Health > Leukemia
Leukemia is cancer of the blood which may start in the bone marrow or the lymph system. White blood cells do not reproduce themselves but after living for a few days or weeks, they are replaced by new cells. Leukemia affects this process in two ways. Firstly, the leukaemic cells do not ever mature into blood cells which are able to fight infection. Secondly, too many of these cells are produced. Eventually the overproduction of these cells causes the bone marrow to become clogged, (the bone marrow is where billions of new blood cells are produced everyday - more red than white) then they spill into the blood and invade the lymph system, liver and spleen. The production of normal red and white blood cells is reduced as the bone marrow is clogged. In fact, eventually the body does not have enough red cells to supply oxygen, or platelets for proper clotting, or enough normal white cells to fight infection, making people with leukemia anaemic and susceptible to such things as bruising, bleeding and infection.
Leukemia, is different from other cancers in that it does not produce tumours.
Leukemia can be classified as acute or chronic. In acute leukemias, cancer cells start multiplying excessively before they become mature cells. While chronic leukemias develop more slowly, with cancer cells progressing to full maturity. Leukemias are further classified according to the type of white blood cell involved. Acute lymphocytic, (childhood leukemia), is the most common type of cancer in children; acute myelogenic leukemia is the most common leukemia in adults. Without treatment, acute leukemias can be fatal within a short period of time. The effectiveness of treatment depends on the type of disease and the stage it is at, however, the younger the patient, the greater the chances of remission. (In leukemia, remission means that no more cancerous cells are present and the bone marrow seems normal).
Chronic leukemias usually affect adults. Chronic lymphocytic leukemia is the most benign, slowly progressing type. It may be controlled effectively with medication. Chronic myelogenic leukemia develops faster and with more force. Average survival time is about four years as it is more difficult to halt its progression.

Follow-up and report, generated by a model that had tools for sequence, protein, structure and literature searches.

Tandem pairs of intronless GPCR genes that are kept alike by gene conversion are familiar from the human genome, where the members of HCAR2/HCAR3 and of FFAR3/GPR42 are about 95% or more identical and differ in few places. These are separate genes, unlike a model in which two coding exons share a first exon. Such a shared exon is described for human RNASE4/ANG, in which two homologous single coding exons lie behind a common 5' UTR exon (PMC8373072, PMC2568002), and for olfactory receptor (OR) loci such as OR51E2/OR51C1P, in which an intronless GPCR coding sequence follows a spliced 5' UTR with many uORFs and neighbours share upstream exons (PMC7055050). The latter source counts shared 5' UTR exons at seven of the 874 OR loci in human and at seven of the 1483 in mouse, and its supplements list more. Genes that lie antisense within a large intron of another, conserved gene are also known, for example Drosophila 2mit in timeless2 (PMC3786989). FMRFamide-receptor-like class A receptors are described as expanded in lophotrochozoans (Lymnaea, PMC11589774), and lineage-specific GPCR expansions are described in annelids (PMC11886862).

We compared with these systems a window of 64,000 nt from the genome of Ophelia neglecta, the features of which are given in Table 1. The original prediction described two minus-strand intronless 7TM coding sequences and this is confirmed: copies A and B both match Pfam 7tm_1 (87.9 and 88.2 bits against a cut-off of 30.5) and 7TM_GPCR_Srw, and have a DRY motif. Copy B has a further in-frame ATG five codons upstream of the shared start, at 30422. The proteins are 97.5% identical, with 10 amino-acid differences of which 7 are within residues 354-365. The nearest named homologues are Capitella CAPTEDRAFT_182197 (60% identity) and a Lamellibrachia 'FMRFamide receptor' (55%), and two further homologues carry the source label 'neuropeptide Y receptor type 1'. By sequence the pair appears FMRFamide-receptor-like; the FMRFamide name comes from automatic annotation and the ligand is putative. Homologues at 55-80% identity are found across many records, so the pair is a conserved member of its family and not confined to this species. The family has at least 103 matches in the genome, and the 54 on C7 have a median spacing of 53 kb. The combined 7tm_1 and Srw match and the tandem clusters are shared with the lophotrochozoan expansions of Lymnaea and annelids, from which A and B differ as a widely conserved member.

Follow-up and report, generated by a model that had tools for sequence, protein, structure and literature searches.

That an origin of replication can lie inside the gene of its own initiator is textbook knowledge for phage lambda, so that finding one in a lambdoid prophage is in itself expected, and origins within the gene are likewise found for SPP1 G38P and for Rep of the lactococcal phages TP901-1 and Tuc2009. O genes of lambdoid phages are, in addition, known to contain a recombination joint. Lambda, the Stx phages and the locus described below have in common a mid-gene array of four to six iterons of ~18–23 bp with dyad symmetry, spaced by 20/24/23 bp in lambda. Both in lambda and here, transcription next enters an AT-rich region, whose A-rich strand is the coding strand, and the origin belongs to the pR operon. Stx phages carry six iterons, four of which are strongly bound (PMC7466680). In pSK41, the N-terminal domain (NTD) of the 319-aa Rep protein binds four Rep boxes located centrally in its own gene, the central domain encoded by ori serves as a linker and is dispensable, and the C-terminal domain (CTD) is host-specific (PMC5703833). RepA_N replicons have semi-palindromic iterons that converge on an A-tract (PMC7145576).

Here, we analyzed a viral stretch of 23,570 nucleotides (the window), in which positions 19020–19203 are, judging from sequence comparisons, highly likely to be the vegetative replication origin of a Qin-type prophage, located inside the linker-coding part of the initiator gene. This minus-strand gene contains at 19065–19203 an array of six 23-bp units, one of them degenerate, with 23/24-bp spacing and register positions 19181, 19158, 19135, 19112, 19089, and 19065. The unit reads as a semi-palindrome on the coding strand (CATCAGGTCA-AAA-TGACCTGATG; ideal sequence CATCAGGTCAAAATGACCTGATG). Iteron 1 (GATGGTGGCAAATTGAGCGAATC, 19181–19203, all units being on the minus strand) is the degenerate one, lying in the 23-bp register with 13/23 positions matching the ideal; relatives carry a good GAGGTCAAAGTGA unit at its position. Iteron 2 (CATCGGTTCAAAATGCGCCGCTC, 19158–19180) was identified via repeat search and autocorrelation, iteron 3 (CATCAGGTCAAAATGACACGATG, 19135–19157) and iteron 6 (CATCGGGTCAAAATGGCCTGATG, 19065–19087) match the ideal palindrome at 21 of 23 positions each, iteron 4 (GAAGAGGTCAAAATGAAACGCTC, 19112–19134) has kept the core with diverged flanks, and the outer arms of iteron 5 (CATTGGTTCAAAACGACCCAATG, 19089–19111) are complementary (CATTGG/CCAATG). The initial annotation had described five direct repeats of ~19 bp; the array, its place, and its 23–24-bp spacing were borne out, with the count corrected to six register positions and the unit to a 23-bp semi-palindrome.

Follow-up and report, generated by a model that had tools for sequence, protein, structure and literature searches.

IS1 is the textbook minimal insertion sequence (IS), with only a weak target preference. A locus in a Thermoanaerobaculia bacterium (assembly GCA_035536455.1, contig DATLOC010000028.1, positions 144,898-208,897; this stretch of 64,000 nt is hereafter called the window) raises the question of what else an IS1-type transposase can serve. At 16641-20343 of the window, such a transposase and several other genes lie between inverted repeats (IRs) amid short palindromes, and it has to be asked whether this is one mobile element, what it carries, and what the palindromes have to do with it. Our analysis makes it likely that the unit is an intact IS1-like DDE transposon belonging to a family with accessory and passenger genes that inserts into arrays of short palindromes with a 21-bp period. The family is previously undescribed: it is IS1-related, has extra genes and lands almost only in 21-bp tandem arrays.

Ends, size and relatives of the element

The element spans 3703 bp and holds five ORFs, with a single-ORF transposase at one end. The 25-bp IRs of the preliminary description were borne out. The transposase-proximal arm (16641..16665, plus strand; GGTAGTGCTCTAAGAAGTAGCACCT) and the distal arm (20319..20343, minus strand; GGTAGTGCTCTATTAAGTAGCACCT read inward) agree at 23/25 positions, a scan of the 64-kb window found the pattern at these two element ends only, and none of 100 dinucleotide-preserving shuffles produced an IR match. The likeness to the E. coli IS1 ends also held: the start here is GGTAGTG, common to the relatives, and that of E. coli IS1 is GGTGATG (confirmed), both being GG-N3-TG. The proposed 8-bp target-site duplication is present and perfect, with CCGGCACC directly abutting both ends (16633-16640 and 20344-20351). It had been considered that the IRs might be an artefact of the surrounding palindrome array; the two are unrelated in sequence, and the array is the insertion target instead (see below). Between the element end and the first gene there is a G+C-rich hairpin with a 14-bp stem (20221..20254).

Unfortunately, there are many types of leukemia that do not produce obvious symptoms in early stages. Eventually once the bone marrow becomes affected, symptoms may include any of the following:
In advanced stages, symptoms become more severe and may include such things as high fevers coming on suddenly, confusion, seizures, inability to talk, difficulty moving arms or legs.
The cause is unknown but with acute leukemia, researchers believe that it maybe the result of a virus. It is believed that the onset of a viral infection may change the vulnerability of certain people or may even change the surface structure of the immune cells that fight infection. Some also believe it could be genetic. Heavy exposure to atomic radiation or an element in petrol has been linked to incidences of leukemia.
Other factors that may increase the risk of leukemia include smoking, exposure to various chemicals and also exposure to low frequency electromagnetic fields (however the proof is not available at this time).
Treatment is with modern equipment and medications. Being diagnosed with leukemia is not necessarily a death sentence and with advances in medical science it is possible to cure certain types of leukemia and significantly extend the life expectancy in others. Childhood leukemia cases are the most successful due to advances in medicine. The treatment goal with leukemia is usually remission. Chemotherapy is usually undertaken for several weeks. Your doctors will advise on the types of drugs and other treatments that will need to be undertaken in addition to the chemotherapy.
With some forms of leukemia, the best chances for survival are to obtain a bone marrow transplant.